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First Suit Filed in Radio Payola Probe

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First Suit Filed in Radio Payola Probe


First Suit Filed in Radio Payola Probe

First Suit Filed in Radio Payola Probe

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New York Attorney General Eliot Spitzer brings his first lawsuit in an ongoing investigation of payola in the radio and music industries. As Joel Rose of member station WHYY in Philadelphia reports, the suit says Entercom Communications of taking payments to add certain songs to stations' playlists.


This is WEEKEND EDITION from NPR News. I'm Susan Stamberg.

But first, New York Attorney General Eliot Spitzer has filed the first lawsuit in his ongoing investigation into payola in the radio and music industries. The suit charges that Entercom Communications Corporation illegally took cash and other gifts from record labels and independent promoters in exchange for playing specific songs. Entercom is the nation's fifth largest broadcaster. It has 105 stations across the country.

From member station WHYY in Philadelphia, Joel Rose reports.

JOEL ROSE reporting:

The suit alleges, among other things, that the program director of radio station WKSE in Buffalo, New York, requested and got $1250 from Sony-BMG in exchange for adding this song, by Jessica Simpson, to the station's play list.

Ms. JESSICA SIMPSON (Singing With You): The real me is a southern girl with her Levi's on and an open heart. Wish I could save the world like I was Supergirl. The real me used to laugh all night. Lyin in the grass just talkin' bout love. But lately I've been jaded. Life got so complicated.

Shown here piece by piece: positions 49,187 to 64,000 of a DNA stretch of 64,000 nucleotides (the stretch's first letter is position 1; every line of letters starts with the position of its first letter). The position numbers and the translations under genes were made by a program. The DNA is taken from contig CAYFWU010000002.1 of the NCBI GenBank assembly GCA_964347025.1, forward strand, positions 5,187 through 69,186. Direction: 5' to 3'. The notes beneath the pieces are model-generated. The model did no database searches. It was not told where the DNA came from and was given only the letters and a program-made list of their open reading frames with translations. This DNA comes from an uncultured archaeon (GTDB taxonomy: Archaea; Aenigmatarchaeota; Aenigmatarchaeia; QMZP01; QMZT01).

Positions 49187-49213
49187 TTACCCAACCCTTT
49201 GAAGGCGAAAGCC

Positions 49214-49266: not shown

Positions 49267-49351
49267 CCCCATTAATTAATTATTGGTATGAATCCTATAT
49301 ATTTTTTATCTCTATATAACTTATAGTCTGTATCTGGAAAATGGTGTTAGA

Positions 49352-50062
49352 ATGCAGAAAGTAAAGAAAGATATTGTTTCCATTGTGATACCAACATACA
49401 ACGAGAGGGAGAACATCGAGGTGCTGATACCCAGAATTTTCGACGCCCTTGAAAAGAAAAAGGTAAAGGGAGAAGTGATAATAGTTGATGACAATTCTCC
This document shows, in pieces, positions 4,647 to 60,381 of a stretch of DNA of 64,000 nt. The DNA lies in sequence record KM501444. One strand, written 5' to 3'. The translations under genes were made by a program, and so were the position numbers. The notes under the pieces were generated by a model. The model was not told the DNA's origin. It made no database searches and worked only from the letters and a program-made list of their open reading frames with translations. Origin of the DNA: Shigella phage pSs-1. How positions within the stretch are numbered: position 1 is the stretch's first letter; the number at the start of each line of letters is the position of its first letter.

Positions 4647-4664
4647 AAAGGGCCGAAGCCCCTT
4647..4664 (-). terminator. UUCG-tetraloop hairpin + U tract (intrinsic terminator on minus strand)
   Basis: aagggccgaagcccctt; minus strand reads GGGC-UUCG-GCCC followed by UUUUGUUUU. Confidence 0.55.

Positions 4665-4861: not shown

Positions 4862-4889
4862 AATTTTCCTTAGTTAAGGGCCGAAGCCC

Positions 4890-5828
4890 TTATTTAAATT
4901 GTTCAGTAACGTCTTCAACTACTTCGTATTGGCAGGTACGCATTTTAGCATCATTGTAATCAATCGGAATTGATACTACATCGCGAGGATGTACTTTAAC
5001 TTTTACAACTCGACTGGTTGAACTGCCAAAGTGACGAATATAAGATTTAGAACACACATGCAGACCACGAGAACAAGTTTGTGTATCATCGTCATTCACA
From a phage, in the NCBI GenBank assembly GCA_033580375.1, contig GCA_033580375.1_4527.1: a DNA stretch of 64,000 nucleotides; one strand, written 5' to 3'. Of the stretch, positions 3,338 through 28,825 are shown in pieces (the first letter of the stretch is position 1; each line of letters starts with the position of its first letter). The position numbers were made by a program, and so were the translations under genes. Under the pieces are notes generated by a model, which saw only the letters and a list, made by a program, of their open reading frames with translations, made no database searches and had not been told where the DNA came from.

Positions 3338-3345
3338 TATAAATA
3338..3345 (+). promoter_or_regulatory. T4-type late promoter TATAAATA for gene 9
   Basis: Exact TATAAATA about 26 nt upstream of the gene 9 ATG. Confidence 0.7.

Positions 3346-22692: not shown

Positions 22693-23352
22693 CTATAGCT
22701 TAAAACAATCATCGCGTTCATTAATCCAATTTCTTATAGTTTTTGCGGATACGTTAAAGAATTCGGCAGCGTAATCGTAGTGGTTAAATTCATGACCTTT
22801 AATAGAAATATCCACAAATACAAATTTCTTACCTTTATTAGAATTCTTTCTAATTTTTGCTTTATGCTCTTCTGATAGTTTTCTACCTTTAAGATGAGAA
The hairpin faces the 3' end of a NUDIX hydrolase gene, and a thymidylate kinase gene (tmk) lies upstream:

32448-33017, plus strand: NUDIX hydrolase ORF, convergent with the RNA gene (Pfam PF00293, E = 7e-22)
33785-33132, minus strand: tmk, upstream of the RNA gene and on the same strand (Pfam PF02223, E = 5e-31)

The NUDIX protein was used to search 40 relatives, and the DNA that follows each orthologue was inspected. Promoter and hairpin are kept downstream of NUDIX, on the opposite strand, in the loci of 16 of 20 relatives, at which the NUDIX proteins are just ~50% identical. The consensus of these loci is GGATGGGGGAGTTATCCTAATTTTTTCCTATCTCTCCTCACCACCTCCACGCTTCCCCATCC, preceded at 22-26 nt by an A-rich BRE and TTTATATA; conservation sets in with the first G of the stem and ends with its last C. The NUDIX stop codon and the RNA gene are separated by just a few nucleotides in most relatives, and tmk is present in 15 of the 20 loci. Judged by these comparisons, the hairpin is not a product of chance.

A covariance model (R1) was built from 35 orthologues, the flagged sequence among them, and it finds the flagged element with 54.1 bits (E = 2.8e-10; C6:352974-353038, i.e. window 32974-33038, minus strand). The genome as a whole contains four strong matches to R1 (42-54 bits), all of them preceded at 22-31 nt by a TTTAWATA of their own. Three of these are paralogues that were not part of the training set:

ROSE: This is the latest step in a year-long investigation into what New York Attorney General Eliot Spitzer has characterized as the pervasive practice of payola. Last year, Spitzer arrived at settlements with two of the major record labels. Sony-BMG and Warner Music Group agreed to pay ten million and five million dollars respectively, and promised to stop paying for airtime without disclosing the transaction to listeners.

In the case of Sony-BMG the Attorney General published internal emails and memos that revealed questionable promotion practices. But in its complaint against Entercom, Spitzer's office included even more damning documents.

Cliff Doerksen is a film critic at Timeout Chicago, the author of a book on radio, and an authority on the history of payola.

Mr. CLIFF DOERKSEN (Film Critic, Timeout Chicago): It's kind of bizarre to see it so bureaucratized and with these little forms. They have these little schedules and all this paperwork attached to it.

ROSE: One of those is titled 2004 Record Company Report. It was prepared by WKSE's program director David Universal. According to the report, for the week of January 13th, the station received $800 for adding Hillary Duff to its playlist, a thousand for adding Jay-Z, and $15 hundred for adding Kimberley Locke.

New York Assistant Deputy Attorney General Terrell Brown Clemons says this was Universal's report to his boss.